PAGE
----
For Sonia McTaggart-Anderson, teaching young people financial literacy has become a mission.
And her son, Anthony McTaggart, has joined her in founding a nonprofit organization — Andson Inc. — that’s tackling the issue head-on.
For 22 years, Anderson owned three major credit counseling companies — Credit Counseling Centers, Credit Counseling Corp. and Christian Credit Counselors. Her businesses had more than 66,000 clients and hundreds of employees. In 2008, she retired and sold those companies.
She then invested close to $6 million to start Andson.
After many years in the credit counseling business, Anderson said, she knew “none of them really lacked the money to pay their bills; they lacked the budgeting and discipline.”
“It was a vicious cycle of families and generations rolling into the same thing,” she said. “I thought, how can we stop this?”
That led her to found Andson.
But it became apparent financial literacy didn’t exist in a vacuum. There are other learning issues, too.
“When we talk about financial education, you can’t discern between how to balance a checkbook or anything like that without thinking about the basic education,” McTaggart said.
“We’re a fairly uneducated workforce,” McTaggart said. “You can make really good money without having that education after high school.”
His mother agreed. “We all know the education standards are poor here but it’s not going to change unless we make a change.”
As a result, the Andson mission extends to “educate and inspire children to provide a lifelong love of learning,” she said.
Andson does a lot of grant writing to seek funding. The nonprofit organization applies for private, public, and government grants. Funding also comes from local and private donors which Andson aligns with individual schools.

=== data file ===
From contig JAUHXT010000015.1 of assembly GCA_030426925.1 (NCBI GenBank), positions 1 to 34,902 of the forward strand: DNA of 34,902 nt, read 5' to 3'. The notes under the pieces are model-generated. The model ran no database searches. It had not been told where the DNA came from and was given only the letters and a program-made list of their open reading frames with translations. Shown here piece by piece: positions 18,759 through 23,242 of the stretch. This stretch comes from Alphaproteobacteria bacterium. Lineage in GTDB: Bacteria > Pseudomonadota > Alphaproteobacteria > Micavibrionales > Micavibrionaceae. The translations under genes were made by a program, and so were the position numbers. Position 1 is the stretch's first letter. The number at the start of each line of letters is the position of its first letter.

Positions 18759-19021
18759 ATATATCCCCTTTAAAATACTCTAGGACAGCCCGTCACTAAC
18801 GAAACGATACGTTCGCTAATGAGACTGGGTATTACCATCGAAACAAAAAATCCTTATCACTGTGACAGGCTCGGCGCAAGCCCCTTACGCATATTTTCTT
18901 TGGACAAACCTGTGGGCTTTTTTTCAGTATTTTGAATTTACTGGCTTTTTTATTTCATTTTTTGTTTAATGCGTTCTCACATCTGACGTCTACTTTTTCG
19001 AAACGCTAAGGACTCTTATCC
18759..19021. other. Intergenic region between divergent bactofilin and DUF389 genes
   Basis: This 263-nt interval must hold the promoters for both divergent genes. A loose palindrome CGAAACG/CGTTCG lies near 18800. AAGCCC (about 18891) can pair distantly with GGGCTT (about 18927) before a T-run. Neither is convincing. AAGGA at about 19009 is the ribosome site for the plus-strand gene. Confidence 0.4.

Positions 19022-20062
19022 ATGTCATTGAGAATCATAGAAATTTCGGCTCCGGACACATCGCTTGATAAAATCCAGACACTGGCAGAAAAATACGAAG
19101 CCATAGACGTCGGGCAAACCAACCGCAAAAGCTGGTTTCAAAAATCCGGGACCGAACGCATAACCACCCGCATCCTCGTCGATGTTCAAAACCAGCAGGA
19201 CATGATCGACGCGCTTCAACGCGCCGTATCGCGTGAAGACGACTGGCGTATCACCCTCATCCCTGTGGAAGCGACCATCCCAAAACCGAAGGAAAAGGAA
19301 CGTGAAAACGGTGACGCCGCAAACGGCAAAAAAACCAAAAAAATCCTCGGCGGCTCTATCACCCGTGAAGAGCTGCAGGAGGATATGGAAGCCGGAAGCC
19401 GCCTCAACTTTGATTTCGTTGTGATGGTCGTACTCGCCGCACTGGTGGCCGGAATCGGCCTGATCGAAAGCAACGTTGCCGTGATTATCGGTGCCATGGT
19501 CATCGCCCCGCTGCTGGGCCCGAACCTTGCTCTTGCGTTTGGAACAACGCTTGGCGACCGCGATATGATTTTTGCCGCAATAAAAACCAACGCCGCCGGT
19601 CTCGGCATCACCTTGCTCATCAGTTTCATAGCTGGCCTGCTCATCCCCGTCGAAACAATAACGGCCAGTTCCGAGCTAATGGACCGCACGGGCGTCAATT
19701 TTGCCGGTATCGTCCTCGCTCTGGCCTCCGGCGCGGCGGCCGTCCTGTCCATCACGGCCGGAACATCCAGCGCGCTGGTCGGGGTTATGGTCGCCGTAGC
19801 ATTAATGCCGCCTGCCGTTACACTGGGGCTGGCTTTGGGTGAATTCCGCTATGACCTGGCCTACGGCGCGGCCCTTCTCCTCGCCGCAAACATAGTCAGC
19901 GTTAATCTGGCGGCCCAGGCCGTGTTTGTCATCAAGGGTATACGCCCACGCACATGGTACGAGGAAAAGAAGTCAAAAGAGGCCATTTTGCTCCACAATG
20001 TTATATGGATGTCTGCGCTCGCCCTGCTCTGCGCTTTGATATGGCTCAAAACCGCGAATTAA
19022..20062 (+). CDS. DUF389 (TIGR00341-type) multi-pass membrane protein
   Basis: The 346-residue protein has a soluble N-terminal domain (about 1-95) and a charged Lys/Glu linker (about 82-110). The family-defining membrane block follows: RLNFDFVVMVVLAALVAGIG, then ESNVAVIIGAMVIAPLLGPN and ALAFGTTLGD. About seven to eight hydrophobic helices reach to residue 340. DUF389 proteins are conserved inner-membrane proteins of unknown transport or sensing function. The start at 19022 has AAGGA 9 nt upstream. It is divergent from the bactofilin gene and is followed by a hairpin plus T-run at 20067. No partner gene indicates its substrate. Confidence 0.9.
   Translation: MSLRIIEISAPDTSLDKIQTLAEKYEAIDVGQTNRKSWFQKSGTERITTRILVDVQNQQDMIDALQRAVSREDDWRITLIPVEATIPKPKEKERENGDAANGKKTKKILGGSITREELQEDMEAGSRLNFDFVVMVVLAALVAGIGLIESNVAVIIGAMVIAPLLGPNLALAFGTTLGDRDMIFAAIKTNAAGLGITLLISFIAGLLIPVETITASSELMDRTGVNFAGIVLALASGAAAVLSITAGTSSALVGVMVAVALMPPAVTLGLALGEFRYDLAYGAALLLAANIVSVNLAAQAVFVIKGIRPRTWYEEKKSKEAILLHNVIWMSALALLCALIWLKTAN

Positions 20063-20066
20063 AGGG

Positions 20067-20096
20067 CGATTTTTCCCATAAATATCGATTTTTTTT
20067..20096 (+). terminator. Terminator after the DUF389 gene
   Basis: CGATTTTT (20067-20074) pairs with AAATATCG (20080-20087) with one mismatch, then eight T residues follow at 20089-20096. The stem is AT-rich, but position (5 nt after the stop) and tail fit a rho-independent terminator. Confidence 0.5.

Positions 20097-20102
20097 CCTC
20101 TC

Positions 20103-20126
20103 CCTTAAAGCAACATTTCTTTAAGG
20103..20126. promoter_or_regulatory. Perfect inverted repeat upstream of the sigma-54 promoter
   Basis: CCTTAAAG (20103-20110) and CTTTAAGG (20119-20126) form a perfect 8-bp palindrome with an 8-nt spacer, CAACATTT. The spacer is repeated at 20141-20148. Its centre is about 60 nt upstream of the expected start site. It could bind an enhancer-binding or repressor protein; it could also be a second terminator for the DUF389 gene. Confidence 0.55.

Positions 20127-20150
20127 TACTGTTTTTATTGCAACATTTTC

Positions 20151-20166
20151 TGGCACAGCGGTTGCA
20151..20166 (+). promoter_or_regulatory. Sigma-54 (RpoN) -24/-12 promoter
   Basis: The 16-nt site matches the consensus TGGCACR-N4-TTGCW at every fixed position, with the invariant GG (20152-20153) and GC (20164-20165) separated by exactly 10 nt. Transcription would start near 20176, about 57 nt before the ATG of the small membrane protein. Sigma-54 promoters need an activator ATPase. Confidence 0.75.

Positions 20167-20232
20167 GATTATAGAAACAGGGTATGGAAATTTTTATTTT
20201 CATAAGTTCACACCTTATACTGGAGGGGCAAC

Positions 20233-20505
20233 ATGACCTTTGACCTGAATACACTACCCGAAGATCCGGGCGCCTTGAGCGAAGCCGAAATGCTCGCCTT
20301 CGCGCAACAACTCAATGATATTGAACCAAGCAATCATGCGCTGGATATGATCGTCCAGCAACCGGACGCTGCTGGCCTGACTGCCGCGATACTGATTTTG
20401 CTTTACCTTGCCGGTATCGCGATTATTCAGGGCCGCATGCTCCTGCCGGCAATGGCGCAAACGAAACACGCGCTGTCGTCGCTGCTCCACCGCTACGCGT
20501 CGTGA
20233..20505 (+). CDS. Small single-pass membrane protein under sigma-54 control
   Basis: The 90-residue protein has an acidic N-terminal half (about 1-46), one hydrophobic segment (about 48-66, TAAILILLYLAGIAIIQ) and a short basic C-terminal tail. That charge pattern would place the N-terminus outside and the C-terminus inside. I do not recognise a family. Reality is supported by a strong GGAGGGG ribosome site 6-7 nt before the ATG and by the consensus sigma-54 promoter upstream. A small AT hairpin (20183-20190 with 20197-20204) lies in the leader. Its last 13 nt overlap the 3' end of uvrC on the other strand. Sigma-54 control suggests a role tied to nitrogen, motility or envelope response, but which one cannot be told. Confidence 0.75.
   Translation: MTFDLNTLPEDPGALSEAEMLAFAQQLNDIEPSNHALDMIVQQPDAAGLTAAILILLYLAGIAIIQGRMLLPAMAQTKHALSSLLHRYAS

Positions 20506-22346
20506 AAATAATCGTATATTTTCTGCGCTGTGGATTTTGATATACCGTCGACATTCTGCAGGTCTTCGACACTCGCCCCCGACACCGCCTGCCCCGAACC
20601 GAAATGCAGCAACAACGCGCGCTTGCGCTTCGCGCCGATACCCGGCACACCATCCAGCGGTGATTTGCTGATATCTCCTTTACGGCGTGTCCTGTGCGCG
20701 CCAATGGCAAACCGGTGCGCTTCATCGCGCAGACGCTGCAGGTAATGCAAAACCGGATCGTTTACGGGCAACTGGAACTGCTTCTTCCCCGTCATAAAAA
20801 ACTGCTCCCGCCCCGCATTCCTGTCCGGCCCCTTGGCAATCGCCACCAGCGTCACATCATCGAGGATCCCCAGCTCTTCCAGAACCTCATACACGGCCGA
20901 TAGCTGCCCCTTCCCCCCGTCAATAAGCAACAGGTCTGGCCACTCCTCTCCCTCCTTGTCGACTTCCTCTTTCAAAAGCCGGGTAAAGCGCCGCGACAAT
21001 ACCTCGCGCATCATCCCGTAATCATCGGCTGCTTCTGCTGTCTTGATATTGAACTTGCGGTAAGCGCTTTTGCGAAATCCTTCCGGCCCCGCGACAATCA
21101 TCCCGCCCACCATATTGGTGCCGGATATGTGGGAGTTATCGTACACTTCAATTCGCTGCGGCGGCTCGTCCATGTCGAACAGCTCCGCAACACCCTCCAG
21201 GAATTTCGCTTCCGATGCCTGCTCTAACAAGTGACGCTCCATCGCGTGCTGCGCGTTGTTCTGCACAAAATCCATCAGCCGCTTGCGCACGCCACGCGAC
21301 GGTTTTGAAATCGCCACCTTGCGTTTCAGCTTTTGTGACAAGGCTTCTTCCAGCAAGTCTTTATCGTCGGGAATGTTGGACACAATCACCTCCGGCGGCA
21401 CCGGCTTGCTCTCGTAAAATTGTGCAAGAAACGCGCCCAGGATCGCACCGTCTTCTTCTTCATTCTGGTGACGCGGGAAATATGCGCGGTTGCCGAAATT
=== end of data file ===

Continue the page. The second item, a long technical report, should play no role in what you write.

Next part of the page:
“Some people want to fund financial literacy; some people want to fund academics,” Anderson said. So Andson partners donors with schools so they can focus their efforts on specific areas of interest.
McTaggart said it is important for parents to talk to their children about financials at home. For some parents, that may be a new concept and may be uncomfortable.
Many students involved with Andson are the first or only members in their family to have a savings or bank account, McTaggart said.
Anderson wants the business community to know the importance of its involvement in literacy. She says “it takes a community to make any program successful; this community needs community involvement.”
“It doesn’t take very much to invest in kids,” she said, “just a little bit goes a long way.”
Andson has developed a curriculum that has been picked up by a number of schools and districts. McTaggart hopes to see income from his curriculum play a larger role in funding Andson and he makes it clear that all funds from the curriculum come back to help support schools in Southern Nevada.
Participants in the program show a 52 percent increase in language arts, a 70 percent improvement rate in mathematics, and experienced a 25 percent improvement in “use of money” skills and knowledge, he said.
Anderson is proud of the program and her son. “That’s one thing Anthony pioneered. He developed the curriculum.” She said he initially taught all the classes himself.
“We now have K-5; we have a middle school curriculum, and we have a high school curriculum that really impacts junior and senior year,” McTaggart said. “Financial literacy is by far our most developed curriculum.”
“Putting things in a perspective that children can actually understand” is part of the success of the Andson curriculum, he said.
Andson is about to award a $500 scholarship to Anthony Gibbs, who came to Andson as an intern from DECA. “It’s like a traditional debate team but they focus on business and finance,” McTaggart said.
Gibbs has completed 100 hours as an intern with Andson, “our first student to every have completed that,” McTaggart said. A check presentation ceremony is being planned.